Returns that can be put into more affordable housing, or other public needs.

There is also a scheme that will have private developers pay the equivalent of their property taxes to the city, county and school district, even though, as state-owned land, it technically won’t owe property tax.

Rather than be the vision of one person, The Point can claim to have been dreamed up by the people of Utah and of the rapidly growing area where Salt Lake County and Utah County come together. The development commission created by the Utah Legislature in 2016 — reformed into a land authority in 2018 — spent all the months since working through tons of public input to come up with principles and goals that are now to guide the development.

The vision is for a community where walking is easy, biking is encouraged, individual cars are unnecessary, housing is dense and, partly, affordable, public transit to and around the development is baked in and nobody is ever more than a few minutes from open space, a trail, a transit stop or an electric vehicle charging station.

So far, the state has committed to spending $165 million for government-style infrastructure — streets, utilities, etc. — while a consortium of developers are looking to bring a first wave of $2.3 billion in private money to the table for offices, stores, theaters, restaurants, hotels and a “Innovation District” that sees itself as an improved continuation of the valley’s high-tech Silicone Slopes culture.

The wobbly part of all that is the apparent assumption that high-tech office parks of the kind that have sprung up in northern Utah County in recent years are the inevitable wave of the future and that it’s just a matter of doing them smarter and cleaner.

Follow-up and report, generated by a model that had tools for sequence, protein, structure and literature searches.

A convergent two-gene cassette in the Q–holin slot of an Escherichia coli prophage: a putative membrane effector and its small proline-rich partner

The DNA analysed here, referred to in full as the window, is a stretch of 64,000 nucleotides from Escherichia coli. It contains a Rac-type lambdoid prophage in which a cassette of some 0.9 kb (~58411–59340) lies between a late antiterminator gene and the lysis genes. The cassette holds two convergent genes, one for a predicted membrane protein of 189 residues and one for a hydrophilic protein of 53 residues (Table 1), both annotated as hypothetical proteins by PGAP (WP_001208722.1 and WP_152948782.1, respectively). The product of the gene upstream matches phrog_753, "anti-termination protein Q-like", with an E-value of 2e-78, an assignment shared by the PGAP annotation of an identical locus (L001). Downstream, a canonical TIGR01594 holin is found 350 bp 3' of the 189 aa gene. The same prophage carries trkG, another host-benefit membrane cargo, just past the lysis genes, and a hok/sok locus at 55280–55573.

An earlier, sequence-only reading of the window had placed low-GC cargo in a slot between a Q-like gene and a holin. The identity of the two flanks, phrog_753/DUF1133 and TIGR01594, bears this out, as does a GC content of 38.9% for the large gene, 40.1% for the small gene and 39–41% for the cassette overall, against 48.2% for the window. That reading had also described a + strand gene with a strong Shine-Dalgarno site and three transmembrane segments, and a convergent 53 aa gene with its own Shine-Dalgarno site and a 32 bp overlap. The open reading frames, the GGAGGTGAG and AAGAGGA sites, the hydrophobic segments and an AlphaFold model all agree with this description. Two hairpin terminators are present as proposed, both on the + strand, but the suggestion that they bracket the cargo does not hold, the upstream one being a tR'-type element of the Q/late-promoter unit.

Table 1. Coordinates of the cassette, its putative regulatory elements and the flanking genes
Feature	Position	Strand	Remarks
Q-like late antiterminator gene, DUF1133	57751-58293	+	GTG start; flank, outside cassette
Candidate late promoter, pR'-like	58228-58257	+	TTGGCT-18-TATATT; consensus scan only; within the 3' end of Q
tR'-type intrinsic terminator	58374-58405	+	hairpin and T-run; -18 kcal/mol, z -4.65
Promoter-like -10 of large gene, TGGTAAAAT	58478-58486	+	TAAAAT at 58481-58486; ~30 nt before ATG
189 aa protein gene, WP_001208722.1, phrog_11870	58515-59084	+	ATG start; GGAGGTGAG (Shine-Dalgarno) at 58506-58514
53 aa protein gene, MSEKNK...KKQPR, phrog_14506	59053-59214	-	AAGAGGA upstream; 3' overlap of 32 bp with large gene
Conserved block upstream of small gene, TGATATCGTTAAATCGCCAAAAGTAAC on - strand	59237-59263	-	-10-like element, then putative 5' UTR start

Or maybe that market is already saturated. Maybe more speculative vaporware businesses are not such a smart investment, for the state or anyone else.

Maybe what this part of Utah needs most, far more than any more glass towers or business incubators, is way more housing, housing for anyone who isn’t in the market for a $2,500-a-month luxury flat with marble tiled kitchens.

The managers of The Point should be ready to pivot quickly if that proves to be the case.

No poaching the Jazz

One thing The Point should not be eager to do is to poach businesses and institutions from other parts of the Wasatch Front.

The most obvious example of that is the rumbling that the owners of the Utah Jazz professional basketball team might be looking to replace the 32-year-old Delta Center in downtown Salt Lake City with a new venue, possibly at The Point.

Leaders of the development said they had some not-very-specific talks with Jazz management some months ago and that nothing seems to have come of it.

It should stay that way.

Professional sports belong in or near downtown. We’d include the North Temple corridor — possible home of a new Major League Baseball stadium, if that dream comes true — in that definition. But downtown Salt Lake is still the population and financial center of the valley, and cultural institutions such a big-time sports belong in that center.

No matter how wonderful The Point turns out to be.